Cast & Capture is an accessible, family-friendly game where each person plays a mage attempting to lure creatures for use in an Arcane Academy. Each mage uses certain cards in combination with a general available pool in order to “capture” creatures, depending on their power and specific element. Cast & Capture plays 2-5 players, and plays in about 30 minutes.
The contents of the review version of the game included a full-color game rules insert, 50 creature cards, and 54 spell cards. The cards are good quality, easy to shuffle, and include simplistic but stylish artwork. Art for every card was not final at the time of review, but what was included was a fairly broad array of various elemental creatures on five different-colored backdrops (red/blue/yellow/black/green), which signify the elemental alignment of the creature. Each creature card also has a number assigned to it, notating the creature power.
The spell cards have basic iconology to signify the elemental alignment of the spell, a number for the spell power, and a general spell name.
Each deck has a different color “reverse” side to facilitate ease of sorting cards between the creature and the spell decks.
The rule book is approximately 2 pages long, and includes full-color references to the starting layout and card references. The rules were laid out and illustrated very well, and left little questions after the first read-through.
Cast & Capture can be set up rather quickly by performing the following steps: First, make sure the decks are shuffled separately, and placed within reach of each player. Deal three Creature Cards face-up in the center of the play area, and deal four Spell Cards to each player.
Gameplay in Cast & Capture is relatively straight-forward. A turn consists of the following actions:
- The active player searches for creatures by drawing a creature from the Creature Deck and laying it adjacent to the other face-up creatures in the play area.
- Cast a spell to capture creatures in the play area.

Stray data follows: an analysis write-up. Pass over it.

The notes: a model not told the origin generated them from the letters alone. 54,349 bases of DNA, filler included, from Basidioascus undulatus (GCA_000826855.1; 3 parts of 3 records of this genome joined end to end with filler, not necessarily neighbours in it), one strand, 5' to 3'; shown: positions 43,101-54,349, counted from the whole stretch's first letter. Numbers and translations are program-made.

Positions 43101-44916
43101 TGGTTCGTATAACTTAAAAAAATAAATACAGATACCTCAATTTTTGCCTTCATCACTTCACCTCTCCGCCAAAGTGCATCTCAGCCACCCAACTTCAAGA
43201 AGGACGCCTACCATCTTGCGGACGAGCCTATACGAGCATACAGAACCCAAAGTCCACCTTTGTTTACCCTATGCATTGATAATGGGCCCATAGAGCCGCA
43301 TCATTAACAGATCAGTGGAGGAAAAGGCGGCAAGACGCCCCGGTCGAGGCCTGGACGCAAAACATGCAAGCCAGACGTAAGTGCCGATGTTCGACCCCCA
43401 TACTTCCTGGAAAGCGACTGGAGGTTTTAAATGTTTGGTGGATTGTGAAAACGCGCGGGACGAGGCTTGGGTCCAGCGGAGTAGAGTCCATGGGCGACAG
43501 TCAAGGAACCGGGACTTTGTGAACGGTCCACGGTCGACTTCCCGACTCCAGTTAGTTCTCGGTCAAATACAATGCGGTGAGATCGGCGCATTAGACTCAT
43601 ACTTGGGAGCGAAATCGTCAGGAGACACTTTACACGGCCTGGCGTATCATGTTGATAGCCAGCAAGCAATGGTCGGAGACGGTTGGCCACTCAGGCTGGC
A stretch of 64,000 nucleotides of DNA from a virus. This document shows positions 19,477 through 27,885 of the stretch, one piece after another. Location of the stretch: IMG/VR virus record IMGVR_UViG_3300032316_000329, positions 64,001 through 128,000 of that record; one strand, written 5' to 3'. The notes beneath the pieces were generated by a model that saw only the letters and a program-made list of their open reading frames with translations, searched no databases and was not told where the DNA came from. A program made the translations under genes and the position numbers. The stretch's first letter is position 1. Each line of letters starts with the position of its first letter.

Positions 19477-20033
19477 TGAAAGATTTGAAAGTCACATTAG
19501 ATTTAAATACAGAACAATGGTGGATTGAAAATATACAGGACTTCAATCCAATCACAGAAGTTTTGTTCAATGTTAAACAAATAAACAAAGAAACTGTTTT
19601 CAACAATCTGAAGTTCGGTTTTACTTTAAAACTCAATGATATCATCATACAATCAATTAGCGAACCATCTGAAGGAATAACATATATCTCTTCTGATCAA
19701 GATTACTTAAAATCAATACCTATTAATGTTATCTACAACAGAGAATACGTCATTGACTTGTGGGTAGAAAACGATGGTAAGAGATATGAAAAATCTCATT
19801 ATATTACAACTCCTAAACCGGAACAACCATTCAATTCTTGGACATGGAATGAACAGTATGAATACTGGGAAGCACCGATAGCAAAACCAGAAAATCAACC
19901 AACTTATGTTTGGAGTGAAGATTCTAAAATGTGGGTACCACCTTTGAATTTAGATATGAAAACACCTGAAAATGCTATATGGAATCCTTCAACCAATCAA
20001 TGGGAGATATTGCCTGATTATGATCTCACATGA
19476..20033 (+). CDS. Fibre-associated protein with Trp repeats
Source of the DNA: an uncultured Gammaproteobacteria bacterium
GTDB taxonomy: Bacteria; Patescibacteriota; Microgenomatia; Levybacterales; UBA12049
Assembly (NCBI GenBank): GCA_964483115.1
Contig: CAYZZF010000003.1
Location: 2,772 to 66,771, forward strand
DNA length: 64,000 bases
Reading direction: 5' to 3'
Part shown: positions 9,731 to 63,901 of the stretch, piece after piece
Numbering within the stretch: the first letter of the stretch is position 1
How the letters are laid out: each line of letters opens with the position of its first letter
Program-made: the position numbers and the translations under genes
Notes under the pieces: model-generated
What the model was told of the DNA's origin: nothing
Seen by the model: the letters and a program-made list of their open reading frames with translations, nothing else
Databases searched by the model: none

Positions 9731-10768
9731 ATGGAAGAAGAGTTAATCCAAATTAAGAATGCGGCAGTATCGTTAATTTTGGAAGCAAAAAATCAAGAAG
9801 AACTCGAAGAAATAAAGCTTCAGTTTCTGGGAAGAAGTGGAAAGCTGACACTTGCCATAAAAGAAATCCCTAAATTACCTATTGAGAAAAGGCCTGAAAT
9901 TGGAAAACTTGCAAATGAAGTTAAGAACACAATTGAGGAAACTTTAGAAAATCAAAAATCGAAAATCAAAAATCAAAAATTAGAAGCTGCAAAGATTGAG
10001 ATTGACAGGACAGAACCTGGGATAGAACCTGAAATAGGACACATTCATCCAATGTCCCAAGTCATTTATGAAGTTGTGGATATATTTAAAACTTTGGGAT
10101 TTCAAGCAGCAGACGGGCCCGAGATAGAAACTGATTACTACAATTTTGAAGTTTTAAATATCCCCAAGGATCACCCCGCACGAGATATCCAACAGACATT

- Memorize new spells (draw spell cards) if the player’s hand is empty (draw 4 cards)
At the heart of the game, the player is attempting to match a spell power and elemental alignment with a creature power and elemental alignment. A mage can draw spells from their hand, from a common “spell pool”, or a combination of the two. The “spice” comes in where blending spells and combining creatures are required to capture a creature (or creatures) in a turn.
Blending spells allows the player to combine two spells to capture a creature, where a standalone card would not have yielded a positive result. By doing this “blending” action, a player can effectively combine say a “7 power fire spell” and a “10 power water spell” to create a “10 power fire spell” or “7 power water spell”. This allows some flexibility in finding available creatures to target.
Combining creatures is also a possibility. In much the same way that spells are blended, creatures can be combined to become a hybrid of their original state. Therefore, a “1 power fire creature” blended with a “3 power earth creature” can become a “1 power earth creature” or a “3 power fire creature”. This allows the mage to procure both creatures, effectively doubling the creature acquisitions in the turn. Please note that if the spell created can effectively capture more than 1 creature, multiple creatures can be captured on each turn.
In the end, the game is concluded when a mage is out of cards and there are no further cards to draw from, or all creatures have been captured. The mage with the most creatures captured wins the game.
Cast & Capture is a nifty game that emulates a trick-taking game, but goes deeper due to the various combinations of cards and combinations that can be created. Some turns, I could not capture a single creature…then other turns, I captured as many as six! The game is a bit more strategic at lower player counts, as the player can set up their next turn strategy and follow-through with it on more occasions than not. Where the variability comes in is when there are 4-5 players, and moves really have to be calculated “ad-hoc”, as the landscape of creatures and spells available can be wildly different from turn-to-turn. Throw in the “wild element” and “wild power” cards for use in casting, and there is a lot of replay value contained within a small card box.
My family enjoyed the game, and look forward to our next session. The game is a win due to the variability, ease of teaching, and overall enjoyable experience. I would definitely recommend this game to a family with younger children, to help them refine strategy-building skills at an early age. These features, combined with an attractive art style and solid component quality will solidify Cast & Capture as a keeper in your collection.